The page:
NATS 1740 Chapter Notes -Lunar Eclipse, Shadow Falls, Minute And Second Of Arc

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Published on 13 Apr 2013
School
York University
Department
Natural Science
Course
NATS 1740
Professor
Astronomy Notes 1-5
Chapter 1
Horizon: divides the celestial sphere into the half you can see and the half you can't
Zenith: is the point directly above you on the celestial sphere
Meridian: is the line from north to south that passes through your Zenith
-Angels and angular distances on the sky smaller than degrees, we use Arcminutes and arcseconds
60 arcminutes = 1 degree
60 arcseconds = 1 arcminute
- 1 arcminute is the smallest separation your eyes can see/notice
Constellation: is a grouping of stars in a specific area of the sky
Chapter 1.3, 2.1, 2.2
When Earth is rotating its orbiting the sun completing one orbit each year.
- Average orbital distance is called Astronomical Unit
- AU = 150 million kilometers
Ecliptic plane: the plane of Earth's orbit around the sun
Axis Tilt: The amount by which a planet's axis is tilted with respect to a line perpendicular to the ecliptic
plane
Local sky: the sky as seen from where you're standing
Circumpolar: Stars near the north celestial pole that do NOT rise or set
- Circumpolar stars remain above the horizon and make daily counter clockwise circles around the North
Celestial pole.
- Stars near the South Celestial pole never rise above the horizon
Reasons for Seasons (2.2)
-longer/warmer days in the summer
-shorter/colder days in the winter (why?)
-Because the tilt of Earth's axis causes sunlight to fall different on Earth at different times of the year.
-The steeper the angle= more sunlight hitting the earth is more concentrated (vise versa)
Summer (June 21) Solstice = Northern Hemisphere tilted mostly directly towards the sun
Winter (December 21) Solstice = Northern Hem. tilted away from the sun
Spring (March 21) Equinox = N. Hem. goes from being tilted away from the sun to slightly towards it
Fall (September 22) Equinox = N. Hem. starts tilting away from the sun
Moon Phases
Waxing = Increasing
Waning = Decreasing
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New crescent = Waxing crescent
Old crescent = Waning crescent
Lunar eclipse: When earth is between the sun and the moon (Earth's shadow falls on the moon)
Solar eclipse: When the moon is between the earth and the sun (Moon's shadow falls on the Earth [sun
is blocked])
Umbra: Where sunlight is completely blocked
Penumbra: Where sunlight is partially blocked
Ancient mystery of planets 2.4
Retrograde motion: (Backwards) composed to the norm
Stellar parallax: the apparent shift in the position of a nearby star (relative to distant object) that occurs
as we view the star from different positions in Earth's orbit of the sun each year.
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Chapter 3 The Science of Astronomy
Sun - > Sunday
Moon -> Monday
Mars -> Tuesday
Mercury -> Wednesday
Jupiter - > Thursday
Venus - > Friday
Saturn - > Saturday
In ancient times they would track the days of the week by what was visible by the naked eye in the sky.
-Determining time of day -> path of the sun or moon
-Determining seasons -> used manmade structures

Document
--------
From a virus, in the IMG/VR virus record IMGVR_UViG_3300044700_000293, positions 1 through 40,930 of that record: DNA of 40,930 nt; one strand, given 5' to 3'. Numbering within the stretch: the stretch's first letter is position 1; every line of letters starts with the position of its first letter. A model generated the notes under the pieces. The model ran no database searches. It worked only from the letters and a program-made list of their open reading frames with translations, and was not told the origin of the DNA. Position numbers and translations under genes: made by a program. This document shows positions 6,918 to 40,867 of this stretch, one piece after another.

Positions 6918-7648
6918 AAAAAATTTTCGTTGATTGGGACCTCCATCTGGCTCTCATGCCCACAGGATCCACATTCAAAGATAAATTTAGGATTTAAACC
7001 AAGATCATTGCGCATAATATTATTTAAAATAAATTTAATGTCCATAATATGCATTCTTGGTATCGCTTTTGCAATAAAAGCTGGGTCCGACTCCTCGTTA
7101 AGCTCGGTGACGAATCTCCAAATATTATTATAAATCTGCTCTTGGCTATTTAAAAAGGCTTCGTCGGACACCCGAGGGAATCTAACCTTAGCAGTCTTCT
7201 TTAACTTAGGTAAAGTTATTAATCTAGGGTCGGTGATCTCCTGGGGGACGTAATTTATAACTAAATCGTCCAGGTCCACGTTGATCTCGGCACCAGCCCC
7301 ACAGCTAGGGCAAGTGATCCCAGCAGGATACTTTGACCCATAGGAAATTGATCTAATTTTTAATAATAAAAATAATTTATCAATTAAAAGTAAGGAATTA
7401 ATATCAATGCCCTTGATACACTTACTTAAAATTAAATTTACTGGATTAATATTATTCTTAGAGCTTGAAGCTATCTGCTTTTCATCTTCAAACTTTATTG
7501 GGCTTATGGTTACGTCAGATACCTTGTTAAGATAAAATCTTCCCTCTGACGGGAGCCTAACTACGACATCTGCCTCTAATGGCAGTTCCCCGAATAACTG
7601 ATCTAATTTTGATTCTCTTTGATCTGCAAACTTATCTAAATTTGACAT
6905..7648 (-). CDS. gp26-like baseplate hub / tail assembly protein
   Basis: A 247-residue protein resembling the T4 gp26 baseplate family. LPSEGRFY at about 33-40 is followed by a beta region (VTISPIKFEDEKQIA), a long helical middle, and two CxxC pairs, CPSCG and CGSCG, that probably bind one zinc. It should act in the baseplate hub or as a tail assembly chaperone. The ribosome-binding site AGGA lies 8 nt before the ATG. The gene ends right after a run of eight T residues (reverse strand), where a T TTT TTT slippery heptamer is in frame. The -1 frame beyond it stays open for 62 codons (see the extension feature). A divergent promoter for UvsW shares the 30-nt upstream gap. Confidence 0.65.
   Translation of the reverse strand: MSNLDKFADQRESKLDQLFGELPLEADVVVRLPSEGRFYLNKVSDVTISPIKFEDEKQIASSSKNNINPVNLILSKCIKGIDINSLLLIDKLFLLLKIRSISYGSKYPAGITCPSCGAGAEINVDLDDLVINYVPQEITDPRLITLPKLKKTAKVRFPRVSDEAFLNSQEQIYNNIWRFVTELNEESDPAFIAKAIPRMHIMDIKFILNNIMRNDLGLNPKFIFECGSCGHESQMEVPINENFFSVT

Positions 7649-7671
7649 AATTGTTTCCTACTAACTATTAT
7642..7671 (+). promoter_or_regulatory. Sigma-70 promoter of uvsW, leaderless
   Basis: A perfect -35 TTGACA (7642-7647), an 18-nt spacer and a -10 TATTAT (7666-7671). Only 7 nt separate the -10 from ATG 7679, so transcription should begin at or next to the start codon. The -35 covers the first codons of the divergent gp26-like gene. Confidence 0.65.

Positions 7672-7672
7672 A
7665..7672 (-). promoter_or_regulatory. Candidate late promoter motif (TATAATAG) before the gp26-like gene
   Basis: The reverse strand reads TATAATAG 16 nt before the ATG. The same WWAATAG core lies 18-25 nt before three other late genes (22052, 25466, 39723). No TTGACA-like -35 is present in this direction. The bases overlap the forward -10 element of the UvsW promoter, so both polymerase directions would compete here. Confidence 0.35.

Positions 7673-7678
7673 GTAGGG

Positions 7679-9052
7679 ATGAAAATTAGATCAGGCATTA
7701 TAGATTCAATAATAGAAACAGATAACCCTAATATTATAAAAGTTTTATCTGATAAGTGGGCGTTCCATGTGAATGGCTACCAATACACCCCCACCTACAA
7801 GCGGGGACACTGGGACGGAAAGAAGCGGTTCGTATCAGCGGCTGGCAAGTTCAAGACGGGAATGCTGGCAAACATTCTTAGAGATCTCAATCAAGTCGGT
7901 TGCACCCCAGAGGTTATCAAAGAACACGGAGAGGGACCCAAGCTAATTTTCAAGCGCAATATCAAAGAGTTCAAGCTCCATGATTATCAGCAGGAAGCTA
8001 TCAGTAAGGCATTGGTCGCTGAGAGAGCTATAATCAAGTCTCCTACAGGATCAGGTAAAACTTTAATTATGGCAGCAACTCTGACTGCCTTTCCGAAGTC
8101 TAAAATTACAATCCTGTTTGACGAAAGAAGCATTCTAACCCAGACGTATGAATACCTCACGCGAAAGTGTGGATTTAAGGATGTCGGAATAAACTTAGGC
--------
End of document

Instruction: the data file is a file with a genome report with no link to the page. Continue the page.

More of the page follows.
-Modern science emerged from the Mediterranean and the middle east especially Ancient Greece.
Kepler's First Law
-Kepler discovered that the planets orbit the sun in ellipses with the sun at one focus.
- The distance between the planet and the sun is called orbital radius
- The average orbital radius is equal to the semi major axis regardless of eccentricity
-Eccentricity = e = c/a
For a circle the eccentricity e=0 Since the foci coincide (c=0)
Example: Neptune's orbit is nearly circular and its average orbital radius is 30 AU. Pluto's average orbital
radius is 40 AU. what would be the minimum eccentricity of Pluto's orbit for Pluto to sometimes be
closer to the sun than Neptune.
a) 0.1
b) 0.25 40AU *0.25 = 10 AU
c)0.5
d)0.7
e) 0.95
Kepler's Second Law
-An object moves faster in its orbit when it is closer to the sun, so that the line connecting the object
around the sun sweeps out equal areas in equal times
Keplers Third Law
-For objects orbiting the sun, the square of the objects orbital period (P), measured in years, equals the
cube of its semi major axis (a), measured in astronomical units. p2=a3
Example: p2=a3 sqr = Square root, cubed =3
Jupiter
AU= 5
a= 125
p= ?
p = sqr5cubed = sqr125 = 11.1 years
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Document Summary

Horizon: divides the celestial sphere into the half you can see and the half you can"t. Zenith: is the point directly above you on the celestial sphere. Meridian: is the line from north to south that passes through your zenith. Angels and angular distances on the sky smaller than degrees, we use arcminutes and arcseconds. 1 arcminute is the smallest separation your eyes can see/notice. Constellation: is a grouping of stars in a specific area of the sky. When earth is rotating its orbiting the sun completing one orbit each year. Average orbital distance is called astronomical unit. Ecliptic plane: the plane of earth"s orbit around the sun. Axis tilt: the amount by which a planet"s axis is tilted with respect to a line perpendicular to the ecliptic plane. Local sky: the sky as seen from where you"re standing. Circumpolar: stars near the north celestial pole that do not rise or set.

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